modalContent: PropTypes.node,
  config: PropTypes.shape({
    title: PropTypes.string,
    onBgClose: PropTypes.bool,
    footerDisabled: PropTypes.bool,

We can add also default props, which means that if the particular props won’t be passed, the default value will be chosen. To do it we have to just specify defaultProps:

ReactModal.defaultProps = {
  config: {
    title: 'Default Title',
    onBgClose: true

Unfortunately, it won’t work. Default props are merged only on a shallow level. If we want to define default props as object, we can use a trick here. Just define the default values as a regular object and then assign it as a new object:

const defaultProps = {
  config: {
    title: "Default title",
    onBgClose: true,
    footerDisabled: false,

const ReactModal = ({ isOpen, closeHandler, config }) => {
  const modalConfig = Object.assign({}, defaultProps.config, config); // Overwrite passed props, leave the default props if not passed in props

Re-using component

Now, let’s look how to implement ReactModal. Here is the code of the parent component:


import React, { useState } from "react";
import './App.css';
import ReactModal from "./components/ReactModal";

function App() {
  const [modalOpened, setModalOpened] = useState(false);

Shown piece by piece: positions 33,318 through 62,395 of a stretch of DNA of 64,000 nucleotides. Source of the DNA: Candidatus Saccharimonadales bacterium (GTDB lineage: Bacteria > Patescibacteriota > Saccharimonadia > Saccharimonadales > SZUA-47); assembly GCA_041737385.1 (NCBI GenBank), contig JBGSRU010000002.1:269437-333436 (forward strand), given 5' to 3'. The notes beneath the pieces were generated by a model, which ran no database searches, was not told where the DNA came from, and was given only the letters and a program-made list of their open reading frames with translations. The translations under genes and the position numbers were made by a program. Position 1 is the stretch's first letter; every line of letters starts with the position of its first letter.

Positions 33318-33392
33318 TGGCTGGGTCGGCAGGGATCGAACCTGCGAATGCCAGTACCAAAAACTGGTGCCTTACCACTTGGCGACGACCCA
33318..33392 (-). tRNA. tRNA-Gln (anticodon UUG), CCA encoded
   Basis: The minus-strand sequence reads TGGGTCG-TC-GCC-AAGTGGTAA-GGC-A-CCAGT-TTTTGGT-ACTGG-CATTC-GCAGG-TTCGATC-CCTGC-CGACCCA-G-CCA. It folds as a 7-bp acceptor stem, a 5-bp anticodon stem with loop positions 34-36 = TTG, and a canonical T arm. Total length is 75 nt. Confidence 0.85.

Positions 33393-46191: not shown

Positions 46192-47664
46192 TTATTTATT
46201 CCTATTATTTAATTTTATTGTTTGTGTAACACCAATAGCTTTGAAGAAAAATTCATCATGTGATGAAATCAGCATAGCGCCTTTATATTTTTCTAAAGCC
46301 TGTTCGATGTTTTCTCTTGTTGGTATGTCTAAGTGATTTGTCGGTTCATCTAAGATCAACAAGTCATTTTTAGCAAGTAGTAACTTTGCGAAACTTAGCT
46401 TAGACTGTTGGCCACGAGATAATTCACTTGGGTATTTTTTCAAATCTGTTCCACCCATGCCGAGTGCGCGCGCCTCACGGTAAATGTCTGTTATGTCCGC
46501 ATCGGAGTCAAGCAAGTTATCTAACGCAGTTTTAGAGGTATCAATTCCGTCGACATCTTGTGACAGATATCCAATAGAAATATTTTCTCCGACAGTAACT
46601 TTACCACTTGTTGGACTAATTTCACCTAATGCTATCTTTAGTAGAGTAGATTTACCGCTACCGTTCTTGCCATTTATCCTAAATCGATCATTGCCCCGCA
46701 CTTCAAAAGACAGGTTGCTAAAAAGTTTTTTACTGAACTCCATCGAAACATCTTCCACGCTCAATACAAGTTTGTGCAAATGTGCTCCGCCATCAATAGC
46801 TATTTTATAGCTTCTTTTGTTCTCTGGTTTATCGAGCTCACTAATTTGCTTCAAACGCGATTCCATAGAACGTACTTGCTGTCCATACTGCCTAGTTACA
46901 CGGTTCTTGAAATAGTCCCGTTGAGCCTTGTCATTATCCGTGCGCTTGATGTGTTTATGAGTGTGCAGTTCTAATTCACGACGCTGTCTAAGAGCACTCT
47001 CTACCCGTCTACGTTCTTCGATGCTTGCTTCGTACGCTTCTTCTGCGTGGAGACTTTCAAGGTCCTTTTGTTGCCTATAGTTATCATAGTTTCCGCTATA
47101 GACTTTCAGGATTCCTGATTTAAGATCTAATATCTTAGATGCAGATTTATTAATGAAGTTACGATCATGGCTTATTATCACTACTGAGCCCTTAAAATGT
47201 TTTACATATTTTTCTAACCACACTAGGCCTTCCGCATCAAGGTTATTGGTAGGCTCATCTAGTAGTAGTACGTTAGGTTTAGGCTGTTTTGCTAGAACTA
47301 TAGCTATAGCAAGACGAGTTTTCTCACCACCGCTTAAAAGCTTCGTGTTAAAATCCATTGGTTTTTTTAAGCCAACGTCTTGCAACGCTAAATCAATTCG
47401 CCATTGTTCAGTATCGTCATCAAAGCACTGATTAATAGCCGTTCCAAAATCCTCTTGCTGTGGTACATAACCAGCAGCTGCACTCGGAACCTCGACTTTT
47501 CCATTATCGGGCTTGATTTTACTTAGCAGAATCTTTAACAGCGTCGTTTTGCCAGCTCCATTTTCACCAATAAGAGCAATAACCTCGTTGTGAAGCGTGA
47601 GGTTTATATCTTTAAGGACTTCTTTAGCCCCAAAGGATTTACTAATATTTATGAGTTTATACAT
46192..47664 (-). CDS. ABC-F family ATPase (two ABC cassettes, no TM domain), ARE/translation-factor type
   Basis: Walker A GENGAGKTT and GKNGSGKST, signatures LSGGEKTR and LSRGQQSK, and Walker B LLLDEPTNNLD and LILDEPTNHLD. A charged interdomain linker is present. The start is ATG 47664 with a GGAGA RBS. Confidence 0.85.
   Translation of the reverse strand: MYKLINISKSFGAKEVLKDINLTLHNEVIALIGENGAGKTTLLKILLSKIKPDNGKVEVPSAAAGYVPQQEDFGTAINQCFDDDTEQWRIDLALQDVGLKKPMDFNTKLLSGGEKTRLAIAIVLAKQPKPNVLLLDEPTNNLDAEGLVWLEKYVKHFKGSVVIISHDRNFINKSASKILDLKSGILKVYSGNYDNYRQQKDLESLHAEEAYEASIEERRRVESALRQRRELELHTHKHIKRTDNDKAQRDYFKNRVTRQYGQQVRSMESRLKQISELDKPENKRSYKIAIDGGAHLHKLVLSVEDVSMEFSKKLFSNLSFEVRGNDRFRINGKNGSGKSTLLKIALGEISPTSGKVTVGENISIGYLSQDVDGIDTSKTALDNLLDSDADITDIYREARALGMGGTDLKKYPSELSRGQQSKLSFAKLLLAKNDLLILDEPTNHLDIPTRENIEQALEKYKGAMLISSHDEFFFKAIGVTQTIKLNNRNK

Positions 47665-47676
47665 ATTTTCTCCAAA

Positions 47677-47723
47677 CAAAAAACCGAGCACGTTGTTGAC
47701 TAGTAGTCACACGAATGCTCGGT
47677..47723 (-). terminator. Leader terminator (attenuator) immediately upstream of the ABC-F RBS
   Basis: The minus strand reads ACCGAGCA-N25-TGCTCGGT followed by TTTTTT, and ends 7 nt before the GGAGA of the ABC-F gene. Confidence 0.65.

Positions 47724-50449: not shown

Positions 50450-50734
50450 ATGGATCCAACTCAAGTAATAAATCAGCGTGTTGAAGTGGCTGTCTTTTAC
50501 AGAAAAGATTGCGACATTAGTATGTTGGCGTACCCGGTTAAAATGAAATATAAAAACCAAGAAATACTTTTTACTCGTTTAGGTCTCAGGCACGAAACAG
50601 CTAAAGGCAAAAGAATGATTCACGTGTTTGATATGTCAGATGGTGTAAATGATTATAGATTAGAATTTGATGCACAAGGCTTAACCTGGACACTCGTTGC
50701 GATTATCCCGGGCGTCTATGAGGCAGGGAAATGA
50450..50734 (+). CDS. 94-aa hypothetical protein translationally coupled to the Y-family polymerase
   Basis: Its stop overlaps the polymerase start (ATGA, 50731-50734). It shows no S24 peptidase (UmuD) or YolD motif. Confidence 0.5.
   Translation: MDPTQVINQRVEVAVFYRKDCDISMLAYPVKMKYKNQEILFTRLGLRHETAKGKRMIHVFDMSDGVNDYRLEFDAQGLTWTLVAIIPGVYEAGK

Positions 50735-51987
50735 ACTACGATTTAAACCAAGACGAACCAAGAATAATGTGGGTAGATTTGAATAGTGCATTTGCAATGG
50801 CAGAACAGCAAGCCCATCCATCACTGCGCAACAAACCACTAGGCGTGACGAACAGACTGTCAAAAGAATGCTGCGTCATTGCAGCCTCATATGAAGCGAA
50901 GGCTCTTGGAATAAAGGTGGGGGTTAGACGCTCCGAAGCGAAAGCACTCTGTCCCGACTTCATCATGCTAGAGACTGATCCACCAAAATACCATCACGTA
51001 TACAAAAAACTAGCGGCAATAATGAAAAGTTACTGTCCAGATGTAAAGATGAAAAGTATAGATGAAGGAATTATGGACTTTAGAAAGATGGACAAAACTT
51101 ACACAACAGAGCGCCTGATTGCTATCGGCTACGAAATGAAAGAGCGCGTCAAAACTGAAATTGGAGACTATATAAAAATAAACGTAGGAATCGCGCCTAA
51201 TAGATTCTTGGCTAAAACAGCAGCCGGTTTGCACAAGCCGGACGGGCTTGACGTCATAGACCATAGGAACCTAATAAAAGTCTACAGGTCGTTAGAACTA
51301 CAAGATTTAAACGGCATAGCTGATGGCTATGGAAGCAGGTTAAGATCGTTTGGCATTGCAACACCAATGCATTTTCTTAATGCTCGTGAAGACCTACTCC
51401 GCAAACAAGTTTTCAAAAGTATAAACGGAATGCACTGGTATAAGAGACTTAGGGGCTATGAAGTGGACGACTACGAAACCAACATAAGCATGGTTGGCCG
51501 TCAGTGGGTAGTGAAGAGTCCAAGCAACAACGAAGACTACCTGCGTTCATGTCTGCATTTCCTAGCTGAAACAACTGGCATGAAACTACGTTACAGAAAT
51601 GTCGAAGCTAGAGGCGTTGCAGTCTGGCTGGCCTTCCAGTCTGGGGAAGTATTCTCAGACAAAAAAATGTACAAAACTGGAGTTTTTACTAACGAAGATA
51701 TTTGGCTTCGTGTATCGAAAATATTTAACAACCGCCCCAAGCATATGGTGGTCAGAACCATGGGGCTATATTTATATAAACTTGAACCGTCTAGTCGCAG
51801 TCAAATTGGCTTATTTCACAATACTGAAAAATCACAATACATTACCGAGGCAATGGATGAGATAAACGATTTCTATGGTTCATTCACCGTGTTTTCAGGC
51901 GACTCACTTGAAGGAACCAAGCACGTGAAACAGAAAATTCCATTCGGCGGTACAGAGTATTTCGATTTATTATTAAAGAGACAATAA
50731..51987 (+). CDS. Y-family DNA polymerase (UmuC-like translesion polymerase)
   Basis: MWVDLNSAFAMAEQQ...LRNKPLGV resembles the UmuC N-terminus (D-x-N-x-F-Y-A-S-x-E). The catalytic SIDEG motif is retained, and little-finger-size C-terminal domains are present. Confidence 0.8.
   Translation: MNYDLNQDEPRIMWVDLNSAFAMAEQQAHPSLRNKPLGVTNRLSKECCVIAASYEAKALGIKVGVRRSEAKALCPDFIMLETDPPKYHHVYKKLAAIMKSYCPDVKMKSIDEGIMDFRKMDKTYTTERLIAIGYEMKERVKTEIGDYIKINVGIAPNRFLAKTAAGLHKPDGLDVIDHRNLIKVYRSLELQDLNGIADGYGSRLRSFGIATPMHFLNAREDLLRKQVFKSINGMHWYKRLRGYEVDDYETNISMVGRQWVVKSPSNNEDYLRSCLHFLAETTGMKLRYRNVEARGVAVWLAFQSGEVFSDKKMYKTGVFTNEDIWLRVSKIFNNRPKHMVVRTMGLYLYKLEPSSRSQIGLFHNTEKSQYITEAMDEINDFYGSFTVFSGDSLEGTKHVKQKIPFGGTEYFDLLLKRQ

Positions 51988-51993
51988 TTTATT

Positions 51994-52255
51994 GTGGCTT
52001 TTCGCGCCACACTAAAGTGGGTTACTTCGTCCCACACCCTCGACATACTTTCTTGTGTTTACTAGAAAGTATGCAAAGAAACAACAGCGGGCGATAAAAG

return (
    <div className="App">
      <div className="main__container">
        <button className="main__container-button" onClick={() => setModalOpened(true)}>Open Modal</button>
          closeHandler={() => setModalOpened(false)}
          config={{ title: "Test Header" }}

export default App;

Modal doesn’t have the state itself. Whether the modal is open or not is specified in the parent component, based on modalOpened state value. Here’s how it looks like:

React Modal

Creating a child component

This scenario didn’t pass any content to the modal. Let’s create a child component that will be rendered inside the modal.


import React from "react";

const ChildComponent = () => {
  return (
        <p>Some example text</p>
          Lorem ipsum dolor sit amet, consectetur adipiscing elit, sed do eiusmod tempor incididunt ut labore et dolore magna aliqua.
          Ut enim ad minim veniam, quis nostrud exercitation ullamco laboris nisi ut aliquip ex ea commodo consequat.
          Duis aute irure dolor in reprehenderit in voluptate velit esse cillum dolore eu fugiat nulla pariatur.
          Excepteur sint occaecat cupidatat non proident, sunt in culpa qui officia deserunt mollit anim id est laborum

export default ChildComponent;

And now we have to just pass the component to ReactModal as modalContent prop:

<ReactModal closeHandler={() => setModalOpened(false)}
            config={{ title: "Test Header" }}
            modalContent={<ChildComponent />}

And the result will be:

React Modal


This is a very simple modal implementation using React. However, it can be easily enhanced by adding configuration options, handling asynchronous actions inside the modal (useful when creating a form inside the modal), or creating the animations to make it look more dynamic. That’s the big advantage of creating your own components or even libraries. You can adjust the code and features to your requirements.